Limited edition GP is harder than the JCW, and a tough act to follow...
As a road car, the Mini Cooper JCW GP makes a great track weapon.
A 2000-unit limited edition – of which 50 have arrived locally, with our test car numero uno – the GP edition tightens the screws on the already-mental John Cooper Works (JCW) flagship Mini, itself a sportier version of the Cooper S.
By Mini’s own admission, the $56,900 Cooper JCW GP is engineered with a racetrack focus. That means the addition of adjustable coilover suspension with dampers that “increase longitudinal and lateral stiffness” compared with the regular JCW, increased front and rear camber, and front wheel toe-in, six-piston fixed callipers and a more relaxed ‘GP Mode’ for the stability control.
All the changes that you can see and feel include 17-inch light alloy wheels, GP badging on the bonnet scoop and front doors, a rear spoiler claimed to reduce lift forces by 90 per cent, snug Recaro front seats, leather-topped dashboard, and no audio or cruise controls on the steering wheel – well, no cruise at all. Nor is there proper iPod connectivity, as BMW demands a unique (optional) cable, and the characterful Mini cabin is starting to feel its six-year vintage, with plasticky controls and a small dot-matrix display standard.
The GP is also a two-seater with a bloody large boot. The rear seat is deleted, replaced by a single-bar brace to help increase body stiffness and, by extension, handling prowess.
But the addition of a few of the above items may help with race track performance – the GP lapped the Nurburgring in 8:23 minutes, eight seconds quicker than the regular JCW, but 15 seconds slower than a Megane RS 265 – but it has also resulted in a sharp decrease in liveability.
The suspension in the regular JCW is hard, but the GP is hardcore. Over urban roads it fidgets and jolts. At speed on country roads it thumps and bounces. It is creditable that such a little car can hammer over wrecked roads at pace and remain seemingly glued to the surface, but it isn’t very comfortable for the driver.
Nor does this fastest-ever Mini offer much mid-corner composure over craggy roads. Despite the inclusion of independent rear suspension, the JCW GP hops and skips sideways over nasties mid corner, erasing driver trust. A Megane RS has a supposedly less sophisticated torsion beam rear suspension – which essentially connects each back wheel via a single rod, meaning one wheel is affected by the other – yet it curiously has a much higher level of control on rough roads.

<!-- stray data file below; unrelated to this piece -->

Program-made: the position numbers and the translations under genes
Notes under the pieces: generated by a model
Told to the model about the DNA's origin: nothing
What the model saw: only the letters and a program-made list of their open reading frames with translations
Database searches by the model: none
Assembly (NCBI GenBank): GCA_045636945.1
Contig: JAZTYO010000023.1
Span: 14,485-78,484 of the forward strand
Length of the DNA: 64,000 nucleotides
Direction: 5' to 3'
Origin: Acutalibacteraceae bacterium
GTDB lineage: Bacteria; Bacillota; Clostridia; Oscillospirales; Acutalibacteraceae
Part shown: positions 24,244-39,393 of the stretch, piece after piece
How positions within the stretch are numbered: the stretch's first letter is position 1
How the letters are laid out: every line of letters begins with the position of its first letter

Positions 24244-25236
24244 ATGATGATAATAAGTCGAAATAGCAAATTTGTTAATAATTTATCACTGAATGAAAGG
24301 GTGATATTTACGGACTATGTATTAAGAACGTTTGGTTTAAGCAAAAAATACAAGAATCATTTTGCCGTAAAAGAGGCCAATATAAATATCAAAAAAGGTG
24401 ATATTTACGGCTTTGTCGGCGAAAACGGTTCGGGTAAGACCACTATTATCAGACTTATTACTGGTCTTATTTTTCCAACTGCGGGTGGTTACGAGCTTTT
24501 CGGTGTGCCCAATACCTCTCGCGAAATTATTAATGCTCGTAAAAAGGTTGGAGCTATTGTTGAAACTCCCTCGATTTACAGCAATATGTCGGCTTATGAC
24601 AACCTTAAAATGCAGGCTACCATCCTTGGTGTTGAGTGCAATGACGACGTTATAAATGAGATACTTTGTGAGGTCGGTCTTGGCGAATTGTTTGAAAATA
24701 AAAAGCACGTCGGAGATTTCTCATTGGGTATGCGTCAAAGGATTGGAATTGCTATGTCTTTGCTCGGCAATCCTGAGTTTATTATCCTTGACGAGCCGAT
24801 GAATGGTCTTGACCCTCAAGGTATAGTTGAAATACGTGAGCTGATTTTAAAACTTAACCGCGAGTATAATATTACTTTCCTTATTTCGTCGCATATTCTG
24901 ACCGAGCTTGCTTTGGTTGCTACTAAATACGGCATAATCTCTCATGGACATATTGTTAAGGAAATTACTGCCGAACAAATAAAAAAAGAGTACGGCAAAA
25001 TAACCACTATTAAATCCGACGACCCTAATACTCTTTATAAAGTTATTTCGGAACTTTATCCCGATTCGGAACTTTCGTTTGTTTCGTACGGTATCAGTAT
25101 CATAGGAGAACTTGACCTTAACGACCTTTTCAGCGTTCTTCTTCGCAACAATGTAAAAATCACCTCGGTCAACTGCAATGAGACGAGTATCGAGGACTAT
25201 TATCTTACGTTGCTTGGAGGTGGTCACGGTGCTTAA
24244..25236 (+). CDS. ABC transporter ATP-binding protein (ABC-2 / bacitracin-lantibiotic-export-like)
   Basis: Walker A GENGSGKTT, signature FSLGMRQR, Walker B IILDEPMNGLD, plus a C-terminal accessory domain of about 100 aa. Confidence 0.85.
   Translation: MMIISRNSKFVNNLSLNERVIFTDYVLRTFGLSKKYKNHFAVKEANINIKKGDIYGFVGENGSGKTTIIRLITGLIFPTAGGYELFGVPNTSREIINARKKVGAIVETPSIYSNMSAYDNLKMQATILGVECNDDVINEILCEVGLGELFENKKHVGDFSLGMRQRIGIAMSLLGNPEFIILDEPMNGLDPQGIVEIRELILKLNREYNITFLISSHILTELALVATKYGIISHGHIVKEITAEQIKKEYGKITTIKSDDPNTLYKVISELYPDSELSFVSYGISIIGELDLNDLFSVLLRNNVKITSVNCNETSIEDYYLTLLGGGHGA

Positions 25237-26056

The JCW GP is also one of the noisiest new cars currently on sale. No doubt due to the deletion of the back seat, which in most cars normally compensates for insulation in the rear wheel arches, this Mini is deafeningly loud on coarse chip roads.
It probably doesn’t help that we drove the Mini Cooper JCW GP over some of the worst roads in the country – in the Hunter Valley of NSW, where the goodness of wine is in equal proportion to the badness of bitumen – but any twisty roads within cooee of Sydney (and other states) have similar problems. Which means GP drivers really need a race track.
Either that, or find glass-smooth twisty roads, because it’s there the Mini JCW GP shines.
Its 1.6-litre turbocharged four-cylinder engine produces 160kW and 260Nm (or 280Nm on overboost), to push just 1160kg of Mini from standstill to 100km/h in 6.3 seconds. Teamed with a beautifully slick, short-throw six-speed manual transmission, the engine and gearbox duo in the Mini Cooper JCW GP are an absolute delight. The engine sounds great, too, with a deep, warbly engine note complemented by a backing track of pops and farts from the exhaust when the throttle is lifted.
The steering is so incredibly sharp that it requires attention and minute inputs into corners. That sensitivity – sneeze on the freeway and you’ll change lanes – would be a negative in a normal family hatchback, but in a car as sporty and agile as a Mini, it’s completely harmonious.
All the race-bred suspension technology added to this Mini makes it one of the quickest cars point-to-point (on dry, smooth roads) regardless of cost. The gearing of the manual gearbox is so short that we found 35km/h-signposted corners had the engine revving either too hard in second gear, or off-boost and lagging in third. That was at least until we realised the Mini begs for higher corner entry speed, which means tackling those bends in third and keeping revs above 4000rpm for a slingshot exit.
Do that, and giggle-worthy cornering is there to be exploited.
The stability control ‘GP Mode’ is terrific, too, subtly braking a spinning inside wheel mid-corner, but, Mini claims, never cutting power. It doesn’t work quite as well as a mechanical limited-slip differential – a la Megane RS 265 – but it still works damn well.
Short gearing also means the Mini is revving at 3500rpm in sixth gear at 120km/h, which could be to the detriment of economy. Yet an initial highway run had the trip computer showing 6.1L/100km, and even after a sub-1000km blast through the countryside, overall consumption tallied 8.5L/100km.
Light weight really does pay dividends in all areas.
Aggressively tight suspension and ripping noise insulation out of a production car does not, however.
As superb as this JCW GP is on smooth roads, many cheaper competitors (yes, we’ll mention the Renault Sport once again) are more talented both in terms of dynamics and overall ability. Similarly priced rivals (like the Mitsubishi Lancer Evo X) offer greater pace and panache.
If this were a track test then we’d swoon, but the fastest-ever Mini is otherwise too compromised for victory in a road test.